Deoxyribonucleic acid extraction and genotyping

Deoxyribonucleic acid (DNA) was extracted from ethylene diamine tetraacetic acid (EDTA) anticoagulated blood using either a commercially available kit (Qiagen, Hilden, Germany) or a salting out procedure.29 SNPs for both stages were genotyped using polymerase chain reaction (PCR), iPlex single base primer extension and MALDI-TOF mass spectrometry in a 384-well-format (Sequenom, San Diego, CA, USA) as described elsewhere.24 Sequences of PCR- and extension-primers can be found in the online Supplementary material, Table S1. LD measures were determined with the Haploview software.30 Haplotype boundaries were defined as previously described.31

Statistical analysis and power calculation

Deviation of SNP genotypes from the Hardy–Weinberg-equilibrium was calculated according to Ref.32 SNPs were tested for genotype-phenotype-associations using the STATA SE 8.0 statistical package. We calculated the associations of SNP-genotypes to AF under the log-additive model of inheritance. Without correction for multiple testing after stage I, we genotyped all SNPs associated with AF in this stage (P < 0.05) in the confirmation stage II. Replicated associations were considered truly associated with the phenotype. To obtain the most reliable estimation, the effect size of confirmed associations was calculated in the entire study population combining samples from stages I and II. In each stage and the overall analysis we additionally calculated a logistic regression model to adjust for the covariates sex and age.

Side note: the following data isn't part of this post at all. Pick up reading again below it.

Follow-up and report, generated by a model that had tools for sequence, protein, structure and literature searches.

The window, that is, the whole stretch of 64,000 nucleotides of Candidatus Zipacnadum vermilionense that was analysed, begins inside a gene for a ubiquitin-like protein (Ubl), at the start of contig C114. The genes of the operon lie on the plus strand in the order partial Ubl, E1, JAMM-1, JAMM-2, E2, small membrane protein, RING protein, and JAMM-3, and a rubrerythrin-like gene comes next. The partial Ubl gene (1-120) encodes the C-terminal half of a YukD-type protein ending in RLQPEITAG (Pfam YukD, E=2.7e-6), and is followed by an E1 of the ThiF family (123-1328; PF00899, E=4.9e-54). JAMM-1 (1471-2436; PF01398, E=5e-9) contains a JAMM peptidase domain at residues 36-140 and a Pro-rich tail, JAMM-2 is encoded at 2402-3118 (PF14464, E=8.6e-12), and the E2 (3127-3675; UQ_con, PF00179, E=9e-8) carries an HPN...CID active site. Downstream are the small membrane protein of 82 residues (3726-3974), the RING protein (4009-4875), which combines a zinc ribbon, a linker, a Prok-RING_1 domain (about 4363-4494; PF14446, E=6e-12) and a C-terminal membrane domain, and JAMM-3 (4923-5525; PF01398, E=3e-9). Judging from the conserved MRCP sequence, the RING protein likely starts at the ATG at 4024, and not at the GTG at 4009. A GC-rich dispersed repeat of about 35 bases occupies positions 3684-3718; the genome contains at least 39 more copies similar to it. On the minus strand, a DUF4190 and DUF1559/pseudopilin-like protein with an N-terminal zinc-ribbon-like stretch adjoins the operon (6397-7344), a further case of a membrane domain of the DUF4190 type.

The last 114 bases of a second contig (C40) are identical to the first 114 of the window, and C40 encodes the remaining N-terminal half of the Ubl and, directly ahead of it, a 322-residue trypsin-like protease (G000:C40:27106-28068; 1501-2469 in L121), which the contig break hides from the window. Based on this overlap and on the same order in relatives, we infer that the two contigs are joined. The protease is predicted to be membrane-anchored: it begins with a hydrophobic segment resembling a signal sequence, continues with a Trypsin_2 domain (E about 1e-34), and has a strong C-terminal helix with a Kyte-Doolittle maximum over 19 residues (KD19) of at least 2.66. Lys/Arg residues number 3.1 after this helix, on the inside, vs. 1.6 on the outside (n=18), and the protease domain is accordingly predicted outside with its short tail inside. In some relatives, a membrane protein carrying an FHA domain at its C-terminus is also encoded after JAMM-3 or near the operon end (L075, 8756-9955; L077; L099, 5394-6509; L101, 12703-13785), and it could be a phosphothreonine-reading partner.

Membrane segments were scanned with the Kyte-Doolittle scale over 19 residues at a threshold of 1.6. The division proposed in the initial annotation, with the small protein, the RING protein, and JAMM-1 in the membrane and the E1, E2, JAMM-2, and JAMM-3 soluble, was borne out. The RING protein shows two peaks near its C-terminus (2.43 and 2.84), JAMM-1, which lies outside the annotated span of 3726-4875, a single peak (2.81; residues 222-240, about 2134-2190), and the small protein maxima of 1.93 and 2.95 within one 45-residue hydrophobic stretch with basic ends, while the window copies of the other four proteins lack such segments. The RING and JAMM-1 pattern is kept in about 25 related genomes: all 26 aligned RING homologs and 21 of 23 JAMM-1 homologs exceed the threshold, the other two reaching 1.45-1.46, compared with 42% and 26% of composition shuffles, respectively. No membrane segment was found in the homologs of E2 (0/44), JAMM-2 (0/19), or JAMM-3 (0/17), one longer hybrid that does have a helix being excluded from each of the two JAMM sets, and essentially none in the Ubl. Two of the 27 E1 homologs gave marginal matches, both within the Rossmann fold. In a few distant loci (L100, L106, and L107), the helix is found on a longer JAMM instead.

Pre-analysis power calculations based on the CaTS power calculator33 applying a log-additive model of inheritance using 671 cases and 694 controls of stage I (49.2% cases) and a MAF of 0.05 revealed a statistical power of 78% to detect a variant conferring an odds ratio (OR) as low as 1.25. The lowest MAF of the variants analysed in stage II was 0.235. Our power to redetect a variant conferring this OR in the confirmation analysis was 93%.

The population attributable risk of associated variants was calculated as the attributable risk per allele and the allele frequency in the general population.